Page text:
First would be my family. My father: for encouraging me to pick a profession based on my passion and not the paycheck, and for being a prime example of just that. For stressing the importance of education, no matter the cost, and making sure I had a strong foundation for my future. Although one of his biggest regrets was knowing that he would not live long enough to see me graduate college, I have a sense of pride and accomplishment knowing that in just 23 short days, I will walk across the stage of the PNC Bank Arts Center in my cap and gown.
My mother and my sister: for being the strongest support system and the best friends a girl could ask for. Mom, you are my rock and the world’s most awesome woman alive. I am so lucky to have such a close bond and great friendship with you. Thank you for letting me call you up to ten times a day just to say “hello” or just because I feel like it. Nicole, I cannot believe that you used to hate me and wanted to be an only child. Thank you for realizing how awesome I am and always having my back.
He steps up on the mound, foot on the rubber and leans forward to pick up the sign from his catcher. Going through his motion, the ball is fired toward home plate. Yet, unlike most left-handed pitchers, there is an extra step for 21-year-old Bryan Sullivan. Rather than following through beyond releasing the ball, Sullivan brings his left hand, the hand he just threw the ball with, into his glove readying him for what may come back.
Bryan was born with cerebral palsy and suffers from hemiparesis, or slight paralysis or weakness that affects the right side of his body. Despite the physical limitations, he does not let his condition hold him back, yet uses it as a means to push himself that much harder. Sullivan weighs in at 180 pounds and stands 5’11”. His bio on Facebook reads: “I’m Bryan. I like to play baseball and meet new people.”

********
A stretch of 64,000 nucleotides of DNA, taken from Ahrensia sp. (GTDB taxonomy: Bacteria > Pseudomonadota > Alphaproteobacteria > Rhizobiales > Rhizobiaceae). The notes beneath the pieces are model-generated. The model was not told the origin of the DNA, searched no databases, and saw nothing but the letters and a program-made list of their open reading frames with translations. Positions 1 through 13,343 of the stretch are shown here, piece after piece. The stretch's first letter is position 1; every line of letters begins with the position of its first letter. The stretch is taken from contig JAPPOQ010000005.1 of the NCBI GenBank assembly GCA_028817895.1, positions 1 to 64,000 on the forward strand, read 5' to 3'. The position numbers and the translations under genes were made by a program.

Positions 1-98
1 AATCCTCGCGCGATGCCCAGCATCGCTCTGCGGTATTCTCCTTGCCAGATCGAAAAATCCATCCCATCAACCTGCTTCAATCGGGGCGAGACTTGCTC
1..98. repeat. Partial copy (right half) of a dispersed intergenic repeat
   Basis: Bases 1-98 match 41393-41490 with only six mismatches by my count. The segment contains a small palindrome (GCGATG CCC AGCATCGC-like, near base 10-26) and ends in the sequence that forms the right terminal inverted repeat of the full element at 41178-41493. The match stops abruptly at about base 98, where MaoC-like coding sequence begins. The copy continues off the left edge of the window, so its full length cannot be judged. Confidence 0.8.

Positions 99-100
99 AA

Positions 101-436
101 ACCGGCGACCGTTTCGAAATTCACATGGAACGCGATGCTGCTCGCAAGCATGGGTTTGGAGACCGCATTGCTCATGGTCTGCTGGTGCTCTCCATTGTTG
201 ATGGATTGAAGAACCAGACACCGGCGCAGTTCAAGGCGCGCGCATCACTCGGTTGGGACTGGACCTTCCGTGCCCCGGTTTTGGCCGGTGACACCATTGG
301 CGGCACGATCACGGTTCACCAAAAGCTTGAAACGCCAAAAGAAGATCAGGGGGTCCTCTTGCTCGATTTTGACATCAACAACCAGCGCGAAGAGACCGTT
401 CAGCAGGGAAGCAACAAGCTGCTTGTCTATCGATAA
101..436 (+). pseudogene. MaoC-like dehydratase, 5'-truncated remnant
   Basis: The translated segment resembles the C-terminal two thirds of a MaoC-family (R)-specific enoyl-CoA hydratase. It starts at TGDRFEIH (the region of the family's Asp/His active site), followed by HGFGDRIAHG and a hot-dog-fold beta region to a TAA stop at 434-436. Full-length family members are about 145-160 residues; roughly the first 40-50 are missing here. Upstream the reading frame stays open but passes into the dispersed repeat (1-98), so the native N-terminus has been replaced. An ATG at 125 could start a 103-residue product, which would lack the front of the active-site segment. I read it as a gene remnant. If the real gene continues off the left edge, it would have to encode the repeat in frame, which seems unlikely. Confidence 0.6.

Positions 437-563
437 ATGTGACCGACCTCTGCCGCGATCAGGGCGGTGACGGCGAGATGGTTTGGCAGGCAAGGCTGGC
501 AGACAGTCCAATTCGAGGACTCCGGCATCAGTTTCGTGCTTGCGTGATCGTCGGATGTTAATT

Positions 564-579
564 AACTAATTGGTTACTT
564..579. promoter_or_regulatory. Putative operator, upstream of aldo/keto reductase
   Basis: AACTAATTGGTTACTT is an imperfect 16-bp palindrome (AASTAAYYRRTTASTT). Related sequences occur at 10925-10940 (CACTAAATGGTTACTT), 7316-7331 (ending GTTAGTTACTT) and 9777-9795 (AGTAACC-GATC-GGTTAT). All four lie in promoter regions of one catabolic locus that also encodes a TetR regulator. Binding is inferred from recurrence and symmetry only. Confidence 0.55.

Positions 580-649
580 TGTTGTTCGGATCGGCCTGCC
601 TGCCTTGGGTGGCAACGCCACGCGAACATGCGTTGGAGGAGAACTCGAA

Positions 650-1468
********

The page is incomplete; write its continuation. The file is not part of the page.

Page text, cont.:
When Bryan was 6 years-old he was watching a New York Yankees game with his father. They were playing the Orioles and Bryan noticed something unique about the pitcher. Bryan asked his dad, “Who is that pitching?” His father replied, “That’s Jim Abott, he catches and throws with the same hand.”
If he can do it, I can do it.
From that moment on, his life has revolved around becoming the best pitcher he can be and following that one simple phrase for motivation.
His father, Steve Sullivan, was, and still is, a huge part of Bryan’s life. Steve grew up around the game of baseball and his father worked at Yankee Stadium. “It’s in our blood,” he said. “I told Bryan, ‘You can do anything, you just have to learn how and work at it, and we will find a way to do it.’”
But how to do it? A little blue baseball glove and a Wiffle Ball started it all just one day after Bryan had seen Jim Abott pitch.
After a series of trial and error, Bryan and his dad were able to make it work. “At first we tried to put his glove on his right hand,” said Steve. But Bryan did not have enough control over his right hand for that to work effectively. “We decided we would have to teach him to catch and throw with the same hand,” he said.